The City of Cleveland is still working out the details of their agreement with the American Civil Liberties Union after a federal judge found its restrictions on Republican National Convention protesters were unconstitutional last week.
The new agreement may not be finished until after July 4, according to Christine Link, the executive director of the ACLU of Ohio.
The ACLU filed a federal lawsuit on behalf of 27 protest groups frustrated by the city's "extreme" restrictions.
Link said a federal judge must sign off on proposed changes to the RNC protest rules and restrictions before they will be made public, but said the city has agreed to several concessions.
The new so-called "event zone" will be smaller and its perimeter "jagged" in order to give to protesters access to city parks and other downtown areas, according to Link.
The city's parade route will still begin on the west end of the Lorain-Carnegie Bridge, but instead of turning south at Ontario Avenue, protesters will continue towards downtown.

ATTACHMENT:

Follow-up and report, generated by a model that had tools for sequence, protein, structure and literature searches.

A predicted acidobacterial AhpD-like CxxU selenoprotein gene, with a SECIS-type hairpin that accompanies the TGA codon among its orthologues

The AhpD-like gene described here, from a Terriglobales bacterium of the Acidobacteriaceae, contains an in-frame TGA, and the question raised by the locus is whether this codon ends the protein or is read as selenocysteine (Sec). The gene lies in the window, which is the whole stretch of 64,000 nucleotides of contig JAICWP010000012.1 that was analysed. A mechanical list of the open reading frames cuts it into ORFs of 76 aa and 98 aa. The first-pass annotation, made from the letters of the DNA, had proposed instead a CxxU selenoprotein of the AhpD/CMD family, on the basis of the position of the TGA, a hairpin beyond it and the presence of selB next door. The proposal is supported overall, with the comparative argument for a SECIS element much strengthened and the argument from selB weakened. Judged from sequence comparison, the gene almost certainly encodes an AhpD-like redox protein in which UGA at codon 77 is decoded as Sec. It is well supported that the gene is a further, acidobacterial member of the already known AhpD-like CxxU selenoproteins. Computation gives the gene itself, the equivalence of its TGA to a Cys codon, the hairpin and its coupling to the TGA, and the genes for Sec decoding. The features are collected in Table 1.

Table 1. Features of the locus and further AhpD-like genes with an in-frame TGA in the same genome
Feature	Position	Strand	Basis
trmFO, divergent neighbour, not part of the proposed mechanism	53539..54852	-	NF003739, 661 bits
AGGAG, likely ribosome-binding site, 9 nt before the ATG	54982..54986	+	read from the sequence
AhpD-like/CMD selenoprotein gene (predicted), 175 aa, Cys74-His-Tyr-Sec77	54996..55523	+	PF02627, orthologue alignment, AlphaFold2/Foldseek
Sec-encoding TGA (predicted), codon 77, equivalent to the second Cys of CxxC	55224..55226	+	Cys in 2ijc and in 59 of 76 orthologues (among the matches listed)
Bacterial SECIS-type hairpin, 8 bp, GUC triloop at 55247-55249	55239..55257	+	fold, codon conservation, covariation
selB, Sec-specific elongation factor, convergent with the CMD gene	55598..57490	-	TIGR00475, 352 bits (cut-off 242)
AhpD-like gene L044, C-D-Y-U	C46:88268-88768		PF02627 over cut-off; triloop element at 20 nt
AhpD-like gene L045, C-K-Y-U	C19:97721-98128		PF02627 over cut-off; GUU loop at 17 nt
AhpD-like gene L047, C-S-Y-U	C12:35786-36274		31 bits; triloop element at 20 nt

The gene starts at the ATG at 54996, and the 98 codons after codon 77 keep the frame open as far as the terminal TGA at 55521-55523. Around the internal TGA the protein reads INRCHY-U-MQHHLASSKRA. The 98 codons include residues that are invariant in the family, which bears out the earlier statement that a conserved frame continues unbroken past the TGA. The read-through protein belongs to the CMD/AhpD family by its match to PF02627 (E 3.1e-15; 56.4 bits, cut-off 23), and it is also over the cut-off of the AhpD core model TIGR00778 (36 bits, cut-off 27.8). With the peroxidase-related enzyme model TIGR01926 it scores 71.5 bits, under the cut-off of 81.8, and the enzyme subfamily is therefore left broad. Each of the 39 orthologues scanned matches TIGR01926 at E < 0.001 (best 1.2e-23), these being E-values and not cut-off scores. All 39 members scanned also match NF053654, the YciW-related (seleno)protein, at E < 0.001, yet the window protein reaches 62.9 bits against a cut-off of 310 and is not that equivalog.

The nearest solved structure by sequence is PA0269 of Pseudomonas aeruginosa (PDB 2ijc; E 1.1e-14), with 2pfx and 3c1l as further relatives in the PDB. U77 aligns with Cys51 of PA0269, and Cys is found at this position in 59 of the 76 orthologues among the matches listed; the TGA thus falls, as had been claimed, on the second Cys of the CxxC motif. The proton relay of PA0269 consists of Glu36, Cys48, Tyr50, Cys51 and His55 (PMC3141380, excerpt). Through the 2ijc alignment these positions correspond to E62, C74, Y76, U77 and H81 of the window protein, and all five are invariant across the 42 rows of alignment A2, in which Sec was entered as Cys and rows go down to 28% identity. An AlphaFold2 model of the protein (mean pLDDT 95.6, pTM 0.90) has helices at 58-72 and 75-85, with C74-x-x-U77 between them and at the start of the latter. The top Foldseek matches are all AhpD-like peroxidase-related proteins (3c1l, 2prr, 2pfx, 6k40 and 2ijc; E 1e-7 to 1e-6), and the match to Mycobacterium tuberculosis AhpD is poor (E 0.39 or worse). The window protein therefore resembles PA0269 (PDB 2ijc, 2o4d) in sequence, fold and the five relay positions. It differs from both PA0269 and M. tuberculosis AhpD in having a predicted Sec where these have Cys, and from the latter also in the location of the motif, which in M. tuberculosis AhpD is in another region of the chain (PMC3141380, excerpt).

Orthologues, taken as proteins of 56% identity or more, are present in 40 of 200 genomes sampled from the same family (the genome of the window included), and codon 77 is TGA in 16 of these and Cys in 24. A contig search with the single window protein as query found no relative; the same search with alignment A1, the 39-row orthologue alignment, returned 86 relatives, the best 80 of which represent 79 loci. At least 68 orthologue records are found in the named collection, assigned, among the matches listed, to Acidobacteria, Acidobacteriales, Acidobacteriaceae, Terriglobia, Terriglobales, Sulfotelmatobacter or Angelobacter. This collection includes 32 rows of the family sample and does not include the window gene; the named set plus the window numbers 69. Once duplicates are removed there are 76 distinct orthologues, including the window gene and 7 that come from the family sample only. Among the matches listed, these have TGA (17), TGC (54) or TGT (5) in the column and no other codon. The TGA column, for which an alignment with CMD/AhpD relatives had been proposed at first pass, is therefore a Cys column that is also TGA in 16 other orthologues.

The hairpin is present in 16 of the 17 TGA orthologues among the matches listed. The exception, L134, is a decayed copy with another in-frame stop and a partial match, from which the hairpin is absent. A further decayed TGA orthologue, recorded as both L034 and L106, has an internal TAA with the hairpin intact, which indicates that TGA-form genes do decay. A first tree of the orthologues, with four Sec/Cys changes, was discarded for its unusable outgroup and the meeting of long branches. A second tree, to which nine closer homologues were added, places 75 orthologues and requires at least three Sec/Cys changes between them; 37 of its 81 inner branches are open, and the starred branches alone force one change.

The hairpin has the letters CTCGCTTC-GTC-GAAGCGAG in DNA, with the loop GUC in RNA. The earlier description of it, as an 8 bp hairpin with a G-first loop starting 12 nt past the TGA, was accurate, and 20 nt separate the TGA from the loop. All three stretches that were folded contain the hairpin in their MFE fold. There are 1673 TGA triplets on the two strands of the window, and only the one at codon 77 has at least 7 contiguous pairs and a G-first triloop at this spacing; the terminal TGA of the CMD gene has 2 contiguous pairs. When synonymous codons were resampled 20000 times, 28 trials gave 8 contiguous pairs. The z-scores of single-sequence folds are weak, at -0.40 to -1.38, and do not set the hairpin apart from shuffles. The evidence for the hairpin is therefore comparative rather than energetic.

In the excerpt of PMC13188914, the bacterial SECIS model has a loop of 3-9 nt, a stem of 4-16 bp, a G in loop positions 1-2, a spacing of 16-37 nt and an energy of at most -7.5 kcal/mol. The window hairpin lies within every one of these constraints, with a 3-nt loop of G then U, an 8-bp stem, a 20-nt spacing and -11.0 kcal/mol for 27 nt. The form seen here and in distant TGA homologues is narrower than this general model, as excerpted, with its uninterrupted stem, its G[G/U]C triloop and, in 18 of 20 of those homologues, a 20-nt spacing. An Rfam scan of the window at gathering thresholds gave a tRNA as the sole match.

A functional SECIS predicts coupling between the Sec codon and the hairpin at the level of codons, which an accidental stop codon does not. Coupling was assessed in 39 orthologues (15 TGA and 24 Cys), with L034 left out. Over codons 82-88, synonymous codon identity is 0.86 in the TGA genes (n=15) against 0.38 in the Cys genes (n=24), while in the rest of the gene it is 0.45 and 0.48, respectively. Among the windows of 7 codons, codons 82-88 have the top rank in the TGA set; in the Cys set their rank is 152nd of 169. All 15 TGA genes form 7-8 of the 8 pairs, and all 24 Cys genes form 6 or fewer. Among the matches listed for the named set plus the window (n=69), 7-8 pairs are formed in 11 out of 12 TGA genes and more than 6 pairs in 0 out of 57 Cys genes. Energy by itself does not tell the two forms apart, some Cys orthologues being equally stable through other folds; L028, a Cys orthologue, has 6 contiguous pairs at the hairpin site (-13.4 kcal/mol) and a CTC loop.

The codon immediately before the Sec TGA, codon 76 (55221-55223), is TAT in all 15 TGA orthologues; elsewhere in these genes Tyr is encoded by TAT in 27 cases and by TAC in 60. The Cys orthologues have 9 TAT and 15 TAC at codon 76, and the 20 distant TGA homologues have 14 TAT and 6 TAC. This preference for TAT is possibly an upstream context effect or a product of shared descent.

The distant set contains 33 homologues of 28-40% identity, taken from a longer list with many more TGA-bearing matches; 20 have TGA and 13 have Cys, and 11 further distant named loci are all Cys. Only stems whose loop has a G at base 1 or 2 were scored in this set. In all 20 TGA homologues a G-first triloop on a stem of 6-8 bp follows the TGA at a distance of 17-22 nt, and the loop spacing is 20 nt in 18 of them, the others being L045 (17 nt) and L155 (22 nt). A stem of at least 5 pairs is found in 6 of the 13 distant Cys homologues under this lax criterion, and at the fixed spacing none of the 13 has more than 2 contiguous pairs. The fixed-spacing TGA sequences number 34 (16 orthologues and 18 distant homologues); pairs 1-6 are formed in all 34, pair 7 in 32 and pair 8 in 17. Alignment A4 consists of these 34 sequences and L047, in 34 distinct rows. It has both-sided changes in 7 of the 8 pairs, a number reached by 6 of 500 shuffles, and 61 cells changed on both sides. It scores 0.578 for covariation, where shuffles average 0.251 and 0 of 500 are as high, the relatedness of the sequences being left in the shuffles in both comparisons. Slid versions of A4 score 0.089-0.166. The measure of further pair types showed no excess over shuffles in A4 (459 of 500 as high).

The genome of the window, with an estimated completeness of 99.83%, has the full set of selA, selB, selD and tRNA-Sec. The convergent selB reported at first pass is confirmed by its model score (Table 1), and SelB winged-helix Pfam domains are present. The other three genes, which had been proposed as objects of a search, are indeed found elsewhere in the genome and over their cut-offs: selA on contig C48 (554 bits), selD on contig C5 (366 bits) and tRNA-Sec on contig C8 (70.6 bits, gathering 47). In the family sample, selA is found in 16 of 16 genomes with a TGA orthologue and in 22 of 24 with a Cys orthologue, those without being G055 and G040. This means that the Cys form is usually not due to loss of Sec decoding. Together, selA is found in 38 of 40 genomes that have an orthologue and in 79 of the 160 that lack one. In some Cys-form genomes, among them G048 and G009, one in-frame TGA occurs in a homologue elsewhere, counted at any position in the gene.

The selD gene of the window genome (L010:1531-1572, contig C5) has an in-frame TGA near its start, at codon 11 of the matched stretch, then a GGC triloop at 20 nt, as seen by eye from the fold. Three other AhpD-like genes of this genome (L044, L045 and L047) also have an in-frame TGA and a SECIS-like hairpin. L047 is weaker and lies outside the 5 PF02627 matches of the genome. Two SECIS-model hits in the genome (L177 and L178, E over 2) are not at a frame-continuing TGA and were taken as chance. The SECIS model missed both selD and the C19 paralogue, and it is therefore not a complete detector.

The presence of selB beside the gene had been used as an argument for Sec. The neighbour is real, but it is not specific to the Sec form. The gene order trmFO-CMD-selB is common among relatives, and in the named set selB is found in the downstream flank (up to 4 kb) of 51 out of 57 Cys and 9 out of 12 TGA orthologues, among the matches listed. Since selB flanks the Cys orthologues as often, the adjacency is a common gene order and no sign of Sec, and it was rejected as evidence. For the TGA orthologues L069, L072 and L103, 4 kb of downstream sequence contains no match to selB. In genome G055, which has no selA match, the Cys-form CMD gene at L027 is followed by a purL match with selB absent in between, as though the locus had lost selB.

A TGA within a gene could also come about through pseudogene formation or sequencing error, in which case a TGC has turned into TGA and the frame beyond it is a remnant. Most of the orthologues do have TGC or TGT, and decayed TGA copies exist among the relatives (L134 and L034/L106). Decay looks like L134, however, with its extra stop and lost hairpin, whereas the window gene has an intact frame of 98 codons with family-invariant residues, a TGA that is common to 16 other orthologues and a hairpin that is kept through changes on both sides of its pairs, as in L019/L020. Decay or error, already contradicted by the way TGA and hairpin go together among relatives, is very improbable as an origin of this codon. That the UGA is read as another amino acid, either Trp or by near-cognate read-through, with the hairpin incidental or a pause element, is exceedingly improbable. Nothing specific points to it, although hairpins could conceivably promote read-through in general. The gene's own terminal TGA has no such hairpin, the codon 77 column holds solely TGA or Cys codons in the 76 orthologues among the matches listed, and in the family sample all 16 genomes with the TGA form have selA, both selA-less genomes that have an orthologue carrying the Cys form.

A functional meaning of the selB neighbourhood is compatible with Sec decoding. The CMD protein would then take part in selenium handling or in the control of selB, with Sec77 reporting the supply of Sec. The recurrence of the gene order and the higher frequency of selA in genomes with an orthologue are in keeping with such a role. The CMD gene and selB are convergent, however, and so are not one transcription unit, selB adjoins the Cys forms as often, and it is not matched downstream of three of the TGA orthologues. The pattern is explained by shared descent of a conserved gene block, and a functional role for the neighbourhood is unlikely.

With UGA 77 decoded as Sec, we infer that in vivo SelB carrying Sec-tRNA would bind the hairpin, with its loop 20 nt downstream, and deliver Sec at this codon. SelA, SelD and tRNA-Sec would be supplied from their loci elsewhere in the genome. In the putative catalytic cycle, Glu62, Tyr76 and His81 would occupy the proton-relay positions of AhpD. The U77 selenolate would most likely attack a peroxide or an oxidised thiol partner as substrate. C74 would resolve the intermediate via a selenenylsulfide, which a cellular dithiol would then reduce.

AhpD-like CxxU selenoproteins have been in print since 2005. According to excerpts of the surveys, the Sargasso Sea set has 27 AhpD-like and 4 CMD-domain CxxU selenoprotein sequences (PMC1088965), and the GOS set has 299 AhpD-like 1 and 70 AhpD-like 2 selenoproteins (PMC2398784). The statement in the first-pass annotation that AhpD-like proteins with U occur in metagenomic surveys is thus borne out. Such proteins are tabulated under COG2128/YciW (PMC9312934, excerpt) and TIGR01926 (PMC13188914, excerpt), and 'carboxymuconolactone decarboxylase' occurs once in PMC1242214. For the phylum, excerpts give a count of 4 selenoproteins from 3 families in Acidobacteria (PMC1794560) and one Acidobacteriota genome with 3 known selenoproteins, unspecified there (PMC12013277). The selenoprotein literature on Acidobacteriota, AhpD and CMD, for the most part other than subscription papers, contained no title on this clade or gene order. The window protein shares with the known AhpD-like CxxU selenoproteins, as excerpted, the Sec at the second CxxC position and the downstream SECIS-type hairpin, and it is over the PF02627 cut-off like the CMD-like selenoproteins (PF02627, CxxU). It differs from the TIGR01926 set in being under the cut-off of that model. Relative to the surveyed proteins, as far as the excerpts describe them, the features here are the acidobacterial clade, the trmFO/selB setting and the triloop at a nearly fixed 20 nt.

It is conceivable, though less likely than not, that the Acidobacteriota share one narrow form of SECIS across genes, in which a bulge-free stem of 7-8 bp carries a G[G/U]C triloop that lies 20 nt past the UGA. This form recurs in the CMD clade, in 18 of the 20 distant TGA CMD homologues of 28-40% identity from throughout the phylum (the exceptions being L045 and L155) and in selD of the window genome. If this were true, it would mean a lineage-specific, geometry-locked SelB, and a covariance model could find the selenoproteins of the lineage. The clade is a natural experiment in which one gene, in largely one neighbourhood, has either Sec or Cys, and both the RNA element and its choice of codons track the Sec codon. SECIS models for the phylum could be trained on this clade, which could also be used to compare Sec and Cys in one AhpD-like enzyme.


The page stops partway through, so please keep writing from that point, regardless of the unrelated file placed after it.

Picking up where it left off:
The specific streets and exact length of the route were among the details still being debated Monday.
Link said the city also agreed to add an additional time slot for protest groups to march and to create time in-between marches for protesters to disperse.
Link said she believes the changes will make the convention more safe and secure.
"The event zone was giant. The parade route was miniscule. . . to the point that we really thought it would it really hurt the ability to keep things organized and calm," she said.
Link criticized the city's failure to make changes they were forced to by a federal judge.
"The city, I thought, wasted a lot of time with their unbending posture on this. . . which was a little surprising because the law in this area is not unsettled," she said.
A City of Cleveland spokesperson declined to comment on the RNC protest agreement until the court approves the new deal.